Melbourne Music Week, the city’s yearly celebration of its thriving music scene and cultural community, saw record attendance this year, with the third annual edition of the 10-day festival tripling the attendance of 2011.
According to the City of Melbourne’s website, 44,000 people attended this year’s festival, up from 15,000 last year, who took in 90 diverse events staged across 47 different locations around the city.
Highlights including Paul Kelly playing a secret gig as part of the Tram Sessions, as well as the Live Music Safari seeing record attendance with The Cherry Bar being filled with a reported 753 punters.
The Melbourne Town Hall hit full capacity housing international headliner Goblin, performing to a sell out crowd playing live accompaniment to Dario Argento’s 1977 cult horror film Suspiria. Supported by The Night Terrors and Thematica (featuring members from the Midnight Juggernauts) the program staged a second session due to popular demand.
On a similar note, Nick Huggins and his band performed the soundtrack to Melbourne documentary I Am Eleven at ACMI, with other events including Melbourne duo Forces filling out the Melbourne University underground car park with with the darkness of their set.
The “Labels Series” also sold out, with three events curated by Melbourne record labels Chapter Music, Siberia Records, Cutters and Two Bright Lakes taking place, headlined by Melbourne quartet Crayon Fields and the slacker jangle of Twerps.
The success of this year’s event shows the city’s commitment to Melbourne’s local industry and culture, prompting a chuffed Lord Mayor Robert Doyle to remark of this year’s great turn-out: “Melbourne Music Week has been an undeniable success for the city.”“Melburnians love their music scene and have shown once again their support and passion for local talent.” – Cr Cathy Oake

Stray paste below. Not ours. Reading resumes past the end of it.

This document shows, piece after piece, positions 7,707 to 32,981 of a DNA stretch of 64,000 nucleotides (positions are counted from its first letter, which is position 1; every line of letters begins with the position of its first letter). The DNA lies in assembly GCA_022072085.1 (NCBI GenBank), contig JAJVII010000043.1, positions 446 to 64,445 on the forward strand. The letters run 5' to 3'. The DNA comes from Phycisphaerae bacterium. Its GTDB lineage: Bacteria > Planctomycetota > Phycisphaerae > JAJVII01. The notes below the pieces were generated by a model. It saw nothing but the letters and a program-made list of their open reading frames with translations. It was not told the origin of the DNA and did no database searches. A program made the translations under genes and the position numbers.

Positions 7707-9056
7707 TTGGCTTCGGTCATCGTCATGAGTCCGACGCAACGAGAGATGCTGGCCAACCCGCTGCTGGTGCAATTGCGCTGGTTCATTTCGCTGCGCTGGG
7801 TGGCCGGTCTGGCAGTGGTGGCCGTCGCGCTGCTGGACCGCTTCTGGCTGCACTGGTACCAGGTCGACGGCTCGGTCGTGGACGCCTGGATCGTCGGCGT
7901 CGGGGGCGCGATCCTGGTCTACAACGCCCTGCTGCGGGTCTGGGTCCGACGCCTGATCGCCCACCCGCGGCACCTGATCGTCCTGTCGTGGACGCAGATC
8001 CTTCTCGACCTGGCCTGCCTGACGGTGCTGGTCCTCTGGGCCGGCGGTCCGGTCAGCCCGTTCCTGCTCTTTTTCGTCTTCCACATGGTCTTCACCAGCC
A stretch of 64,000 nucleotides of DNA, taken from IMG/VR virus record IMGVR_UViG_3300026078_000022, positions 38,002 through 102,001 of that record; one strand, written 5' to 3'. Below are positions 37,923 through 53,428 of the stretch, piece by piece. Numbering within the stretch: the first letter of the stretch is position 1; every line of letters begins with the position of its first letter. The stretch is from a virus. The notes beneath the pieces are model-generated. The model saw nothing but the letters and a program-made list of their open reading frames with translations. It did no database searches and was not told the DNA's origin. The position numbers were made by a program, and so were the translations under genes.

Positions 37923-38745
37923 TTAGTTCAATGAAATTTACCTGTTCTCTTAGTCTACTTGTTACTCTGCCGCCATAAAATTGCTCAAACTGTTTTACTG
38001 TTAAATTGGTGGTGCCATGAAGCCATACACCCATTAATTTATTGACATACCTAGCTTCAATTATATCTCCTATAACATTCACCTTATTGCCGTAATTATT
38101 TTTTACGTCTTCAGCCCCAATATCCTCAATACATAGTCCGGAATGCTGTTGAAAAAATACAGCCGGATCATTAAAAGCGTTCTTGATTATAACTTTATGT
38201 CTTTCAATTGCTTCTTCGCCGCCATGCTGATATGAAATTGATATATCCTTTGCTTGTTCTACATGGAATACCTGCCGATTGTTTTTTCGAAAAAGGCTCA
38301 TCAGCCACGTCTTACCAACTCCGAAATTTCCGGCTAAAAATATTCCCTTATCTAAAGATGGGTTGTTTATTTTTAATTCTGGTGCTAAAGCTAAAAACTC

“MMW showcased our city’s thriving local music scene and reinforced our status as a world music city,” said the Lord Mayor Doyle.
One of this year’s most successful engagements was the pop-up venue Where?House, which converted the old Argus building – on the corner of La Trobe and Elizabeth streets – into Melbourne Music Week’s vibrant hub for its 10 day duration.
A total of 24,000 people visited the long defunct building, formerly owned by La Trobe University, which was sold two years ago by the institute for a reported $15 million.
Two of its six stories were brought back to life, transformed into a 400 person capacity upstairs section and an 800 person strong capacity venue down below in the concert hall.
French duo Housse De Reacket performed at the pop-up venue, with San Francisco’s up-and-coming Pillowtalk also gracing the stage. Melbourne’s post-rock act New War, along with Bamboo Musik and Harris Robotis, also appeared for performances.
The building presented a feast of late 80s and early 90s culture, housing a computer lounge, food stalls, and a selection of vintage clothes shops.
Cr Cathy Oke, a member of Melbourne Music Week’s steering committee, cited the venue’s strong turn out as a contributor to this year’s event’s large success. “Melburnians love their music scene and have shown once again their support and passion for local talent. From the old Argus Building and the Melbourne University underground car park, to the National Gallery of Victoria and small cafes, almost half of the 90 events were at full capacity.”
Other venues included the Rooftop cinema, which saw a record turn out, with full houses reached at three of their screenings. On top of this The Kids Dance Party at Artplay sold out in all but a few days.
In just three years, Melbourne Music Week has managed to come into its own, and the success of this year’s event brings to light the city’s strong appetite for local music and an endorsement of its culture.